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Human Smuggling/Trafficking
03/06/2012

Leader of a south Texas human smuggling organization sentenced to 3 1/2 years in federal prison

VICTORIA, Texas – The leader of a local human smuggling organization was sentenced on Tuesday to 42 months in prison, announced U.S. Attorney Kenneth Magidson, Southern District of Texas. The investigation was led by U.S. Immigration and Customs Enforcement's (ICE) Homeland Security Investigations (HSI) and the Corpus Christi Police Department Organized Crime Unit.

Lorena Martinez, 37, of Portland, Texas, was sentenced to 3 1/2 years in prison by U.S. District Judge John D. Rainey. Martinez had previously pleaded guilty to two counts of bringing in and harboring aliens. The following individuals were also sentenced March 6: former Portland, Texas, firefighter Peter Jones, 30; Beatrice Rodriguez, 40, and April Stevens, 30, both of Corpus Christi, Texas; Pedro Vargas, 33, of Houston; and Jesus Alcala-Mendoza, 31, a Mexican national. Additionally, two real properties were forfeited that were derived from proceeds of the criminal conspiracy.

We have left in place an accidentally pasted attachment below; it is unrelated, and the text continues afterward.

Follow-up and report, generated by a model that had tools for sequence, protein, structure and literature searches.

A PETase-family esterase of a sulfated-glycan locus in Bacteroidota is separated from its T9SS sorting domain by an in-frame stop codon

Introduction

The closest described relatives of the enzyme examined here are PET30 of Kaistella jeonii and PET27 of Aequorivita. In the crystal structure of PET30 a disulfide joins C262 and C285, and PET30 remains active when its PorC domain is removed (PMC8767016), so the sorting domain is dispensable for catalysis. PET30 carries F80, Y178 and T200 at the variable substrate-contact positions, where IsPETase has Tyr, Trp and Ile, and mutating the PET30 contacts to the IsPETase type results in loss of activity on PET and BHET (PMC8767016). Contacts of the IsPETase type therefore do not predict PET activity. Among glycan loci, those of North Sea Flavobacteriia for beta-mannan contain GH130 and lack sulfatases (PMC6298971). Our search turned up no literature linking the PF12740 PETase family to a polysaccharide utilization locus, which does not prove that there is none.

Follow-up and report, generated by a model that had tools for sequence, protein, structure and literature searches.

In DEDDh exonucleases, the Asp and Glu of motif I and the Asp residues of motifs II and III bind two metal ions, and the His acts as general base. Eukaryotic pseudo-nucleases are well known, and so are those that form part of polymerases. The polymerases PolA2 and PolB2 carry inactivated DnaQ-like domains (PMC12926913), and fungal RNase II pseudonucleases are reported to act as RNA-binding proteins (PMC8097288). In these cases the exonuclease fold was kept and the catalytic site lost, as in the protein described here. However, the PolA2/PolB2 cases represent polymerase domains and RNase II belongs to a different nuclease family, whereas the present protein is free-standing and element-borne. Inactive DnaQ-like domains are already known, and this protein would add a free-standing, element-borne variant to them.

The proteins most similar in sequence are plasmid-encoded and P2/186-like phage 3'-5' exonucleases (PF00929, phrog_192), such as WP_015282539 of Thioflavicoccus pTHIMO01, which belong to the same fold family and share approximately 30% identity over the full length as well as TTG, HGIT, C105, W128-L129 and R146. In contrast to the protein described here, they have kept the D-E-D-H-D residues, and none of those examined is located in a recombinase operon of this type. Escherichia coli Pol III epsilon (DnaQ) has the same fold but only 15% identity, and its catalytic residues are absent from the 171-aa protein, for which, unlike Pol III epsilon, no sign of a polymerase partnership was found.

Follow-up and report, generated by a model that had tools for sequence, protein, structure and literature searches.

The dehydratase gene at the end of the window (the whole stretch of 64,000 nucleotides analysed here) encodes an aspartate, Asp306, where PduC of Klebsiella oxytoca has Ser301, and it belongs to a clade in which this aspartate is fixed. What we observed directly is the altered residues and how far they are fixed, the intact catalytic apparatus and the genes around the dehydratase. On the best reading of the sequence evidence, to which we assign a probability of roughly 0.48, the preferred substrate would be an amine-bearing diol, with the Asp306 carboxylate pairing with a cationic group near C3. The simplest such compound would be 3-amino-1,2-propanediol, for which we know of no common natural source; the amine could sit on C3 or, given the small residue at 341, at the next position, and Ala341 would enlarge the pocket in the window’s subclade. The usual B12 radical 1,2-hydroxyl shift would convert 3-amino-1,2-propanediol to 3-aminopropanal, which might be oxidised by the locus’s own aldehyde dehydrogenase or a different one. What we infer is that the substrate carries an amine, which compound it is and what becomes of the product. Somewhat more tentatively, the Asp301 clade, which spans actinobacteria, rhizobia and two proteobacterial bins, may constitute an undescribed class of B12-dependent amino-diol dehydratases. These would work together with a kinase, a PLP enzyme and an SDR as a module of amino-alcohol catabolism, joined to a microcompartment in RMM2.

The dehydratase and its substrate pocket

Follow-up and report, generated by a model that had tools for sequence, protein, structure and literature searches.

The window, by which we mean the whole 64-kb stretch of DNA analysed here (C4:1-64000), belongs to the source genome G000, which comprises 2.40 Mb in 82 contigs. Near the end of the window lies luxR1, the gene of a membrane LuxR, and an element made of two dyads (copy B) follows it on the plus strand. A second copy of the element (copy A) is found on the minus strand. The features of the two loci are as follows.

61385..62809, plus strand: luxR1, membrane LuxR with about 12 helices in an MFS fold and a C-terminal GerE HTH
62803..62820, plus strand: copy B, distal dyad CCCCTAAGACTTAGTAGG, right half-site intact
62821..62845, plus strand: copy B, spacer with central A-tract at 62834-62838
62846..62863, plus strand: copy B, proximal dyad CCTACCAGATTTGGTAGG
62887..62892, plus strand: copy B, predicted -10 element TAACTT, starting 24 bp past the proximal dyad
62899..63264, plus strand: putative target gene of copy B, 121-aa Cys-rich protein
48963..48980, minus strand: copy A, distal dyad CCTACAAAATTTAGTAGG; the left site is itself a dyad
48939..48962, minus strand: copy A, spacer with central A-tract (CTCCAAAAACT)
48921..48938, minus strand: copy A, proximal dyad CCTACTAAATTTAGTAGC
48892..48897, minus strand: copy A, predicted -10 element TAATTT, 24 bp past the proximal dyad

Rodriguez had previously pleaded guilty to one count of transporting and harboring aliens, and was sentenced to 33 months in prison. Alcala-Mendoza, Jones and Vargas also pleaded guilty to conspiracy to transport aliens. They received prison sentences of 42 months, 12 months and a day, and four months in prison, respectively. Stevens, who pleaded guilty to the conspiracy charge, was ordered to serve two years of probation.

The investigation revealed a large-scale human smuggling organization based in Corpus Christi and Portland, Texas, that specialized in smuggling Brazilian nationals into the United States. According to court records, this organization operated with impunity for decades. Aliens were illegally transported in the back of enclosed tractor trailers to Robstown, Texas, where they were unloaded and disseminated throughout the United States. Special agents also uncovered about $500,000 in Western Union transactions between Martinez and other co-conspirators in relation to their illegal activities.

Stevens, Jones and Vargas were allowed to remain on bond and voluntarily surrender to a U.S. Bureau of Prisons (BOP) facility to be determined in the near future. Alcala-Mendoza and Martinez were ordered to remain in custody pending transfer to a BOP facility.

Alejandro Hernandez, 53, of San Antonio, Texas, also pleaded guilty to conspiracy to transport aliens. He will be sentenced May 14.

Additional investigative assistance was provided by the police and fire departments in Portland, Texas, and by the U.S. Army Criminal Investigation Command.

Assistant U.S. Attorney Patti Hubert Booth, Southern District of Texas, is prosecuting the case.